Meall Ghaordaidh (1039m)
- Pronunciation: Miaowl Gurday
- Translation: Hill of the Shoulder
- Total distance: 9.8km
- Total time: 3hrs 31mins
- Total ascent: 907m
- Weather: Extremely windy. Bright and dry with cloud levels generally just above the summits. Warm on the lower slopes, but bitter cold in the wind above 700m elevation.
- Start / end location: At a tiny lay-by by the side of the single track road just beyond a small bridge near Duncroisk in Glen Lochay (WNW of Killin). [OS Map Sheet 51 – Grid Ref: NN 526 364]
- Map: A map of route can be found here – it may take a few moments to load into a separate window. The map displays on most browsers, but not unfortunately Internet Explorer.
Today we travelled up the very beautiful Glen Lochay (out of the village of Killin) to climb Meall Ghaordaidh This was the shorter route that we had originally proposed doing yesterday – just 10km long and only 3hrs 30mins.
The snow that had been completely covering the hills for the last week or so had, today, thawed quite noticeably, with the glens, such as Lochay, as well as the lower slopes of the surrounding hills “all at once” having taken on the hues of spring.
We parked up at a little lay-by just beyond Duncroisk and walked a couple of hundred metres back “down the glen” until a metal gate on the left, sign-posted for the start of the ascent of Meall Ghaordaidh, shepherded us northeastward along the course of the Allt Dhùin Croisg burn. We followed a tractor path through the fields until it reached a gate in a high dry-stone wall (locked but with a convenient stile nearby) and then continued to follow it on the other side. The tractor path climbed gently up beside a thin ribbon of trees that flanked either side of the burn.
Just before a series of sheilings were reached a single metal post could be seen on the lower flanks of the very broad SSW ridge extending down from Meall Ghaordaidh: a few tens of metres to the left of our position. Whether intentional or not, this post marked a convenient place for us to leave the tractor path and make for the open hillside. It was not without good reason that Meall Ghaordaidh translated into the “hill of the shoulder” because our ascent from the metal post took us directly up the SSW “shoulder” or very broad flank all the way to the summit.
It was a very straightforward ascent following the broad ridge, and up to a height of about 800m the ridge was really a very board grass and mossy flank – but never too wet underfoot. Above 700m the ridgeline flattened somewhat, but it was also at this point that the wind really picked up. It continued to increase rapidly in strength and buffeted us so much that we were forced to stand still many times and just brace ourselves so as not to lose our footing. The strong wind also caused Elaine’s eyes to stream (I don’t think it was the fear of being blown away!) so she put on my ski goggles, which helped enormously.
The last 240m of the ascent was a bit more interesting as the terrain steepened as we entered a rocky section, which we negotiated our way through. There were also a few steep snowfields to climb. The prevailing westerly wind by this point was now so strong that when we reached the upper-most snowfield, which took us to within a few tens of metres of the summit, we first had to traverse round a bit towards the east side before climbing it in order to gain a bit of shelter in the lee.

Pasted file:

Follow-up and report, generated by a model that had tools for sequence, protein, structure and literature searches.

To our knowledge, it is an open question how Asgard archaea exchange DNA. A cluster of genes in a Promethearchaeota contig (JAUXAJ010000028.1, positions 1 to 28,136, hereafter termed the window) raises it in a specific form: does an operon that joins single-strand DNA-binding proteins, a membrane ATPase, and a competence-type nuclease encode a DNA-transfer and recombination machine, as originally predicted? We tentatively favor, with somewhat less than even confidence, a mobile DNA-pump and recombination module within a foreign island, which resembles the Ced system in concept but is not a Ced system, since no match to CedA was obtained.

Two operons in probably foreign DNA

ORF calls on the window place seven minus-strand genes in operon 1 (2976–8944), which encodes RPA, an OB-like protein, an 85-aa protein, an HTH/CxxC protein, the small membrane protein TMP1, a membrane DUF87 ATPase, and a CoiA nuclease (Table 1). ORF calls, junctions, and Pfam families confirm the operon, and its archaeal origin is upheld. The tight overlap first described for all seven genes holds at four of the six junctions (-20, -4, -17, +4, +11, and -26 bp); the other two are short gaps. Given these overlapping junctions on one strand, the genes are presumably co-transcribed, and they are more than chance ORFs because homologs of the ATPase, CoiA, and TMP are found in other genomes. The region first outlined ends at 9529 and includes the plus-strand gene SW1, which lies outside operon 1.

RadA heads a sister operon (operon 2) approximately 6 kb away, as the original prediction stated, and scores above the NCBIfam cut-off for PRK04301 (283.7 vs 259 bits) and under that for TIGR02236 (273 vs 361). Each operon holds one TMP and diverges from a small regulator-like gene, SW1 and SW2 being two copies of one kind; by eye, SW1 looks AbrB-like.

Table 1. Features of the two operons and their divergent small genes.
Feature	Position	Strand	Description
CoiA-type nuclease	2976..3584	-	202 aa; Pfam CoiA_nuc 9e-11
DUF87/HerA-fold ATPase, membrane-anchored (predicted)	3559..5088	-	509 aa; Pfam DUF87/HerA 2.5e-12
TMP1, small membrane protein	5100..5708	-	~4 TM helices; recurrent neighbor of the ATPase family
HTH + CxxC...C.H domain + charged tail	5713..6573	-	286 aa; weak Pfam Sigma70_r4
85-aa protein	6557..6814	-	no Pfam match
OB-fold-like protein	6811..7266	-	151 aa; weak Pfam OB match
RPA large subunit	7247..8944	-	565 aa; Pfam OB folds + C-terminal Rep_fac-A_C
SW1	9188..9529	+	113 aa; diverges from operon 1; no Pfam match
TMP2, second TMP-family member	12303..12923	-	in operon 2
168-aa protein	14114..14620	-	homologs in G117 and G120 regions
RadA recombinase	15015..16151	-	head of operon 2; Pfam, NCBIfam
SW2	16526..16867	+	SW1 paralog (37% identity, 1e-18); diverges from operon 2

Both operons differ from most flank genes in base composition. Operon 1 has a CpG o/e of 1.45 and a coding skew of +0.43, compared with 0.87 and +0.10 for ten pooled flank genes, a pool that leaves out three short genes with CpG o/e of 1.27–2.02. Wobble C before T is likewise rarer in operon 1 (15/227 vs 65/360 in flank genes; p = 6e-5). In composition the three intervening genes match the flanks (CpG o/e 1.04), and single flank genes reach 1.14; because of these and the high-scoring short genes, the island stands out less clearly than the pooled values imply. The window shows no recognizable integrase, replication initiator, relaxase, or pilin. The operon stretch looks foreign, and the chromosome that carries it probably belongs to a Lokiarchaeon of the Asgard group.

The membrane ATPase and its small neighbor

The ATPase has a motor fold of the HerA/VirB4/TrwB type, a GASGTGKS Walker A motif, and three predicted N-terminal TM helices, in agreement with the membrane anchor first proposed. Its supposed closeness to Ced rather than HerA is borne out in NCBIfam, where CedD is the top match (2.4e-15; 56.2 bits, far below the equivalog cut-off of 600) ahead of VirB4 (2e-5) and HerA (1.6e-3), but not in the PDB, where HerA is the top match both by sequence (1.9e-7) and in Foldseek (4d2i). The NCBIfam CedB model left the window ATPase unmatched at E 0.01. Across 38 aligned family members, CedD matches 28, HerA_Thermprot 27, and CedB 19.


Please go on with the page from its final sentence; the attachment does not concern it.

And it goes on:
We soon reached the Trig Point on Meall Ghaordaidh’s summit at 1039m or 3,409’, which was surrounded by a circular arrangement of boulders offering some useful shelter from the biting gale force wind. The shelter was actually so effective that we stayed at the top for around 10 minutes before popping our heads above the parapet and facing the wind again as we made our descent.
The snow that we encountered was always on the soft side and because the slopes were reasonably steep we were able to slide down several of them on our backsides – always good fun it you avoid any immoveable obstacles in your path! At one point, a mountain hare dashed from cover and bounded effortlessly across our path and was gone in a matter of seconds. We did see it long enough, however, to notice that it was beginning to show signs of its coat slightly darkening into a mottled light grey colour: yet another sign of spring perhaps?
Below the snowfields the walking on the grassy slopes was very easy and before long we were climbing over the dry-stone wall and soon back at the car. It had indeed been an easy day, and if we had done this climb yesterday instead, Elaine would now, today, have been facing another four hours on the hills in order to climb Beinn DubhChraig and Ben Oss (yesterday’s pair). I’m not too sure if she saw the upside – if there actually was one!
Tomorrow, hopefully, we’ll get out again and climb two more Munros before taking a well earned couple of days rest – well that’s the plan anyway, but as ever, we’ll need to wait and see what the weather heralds.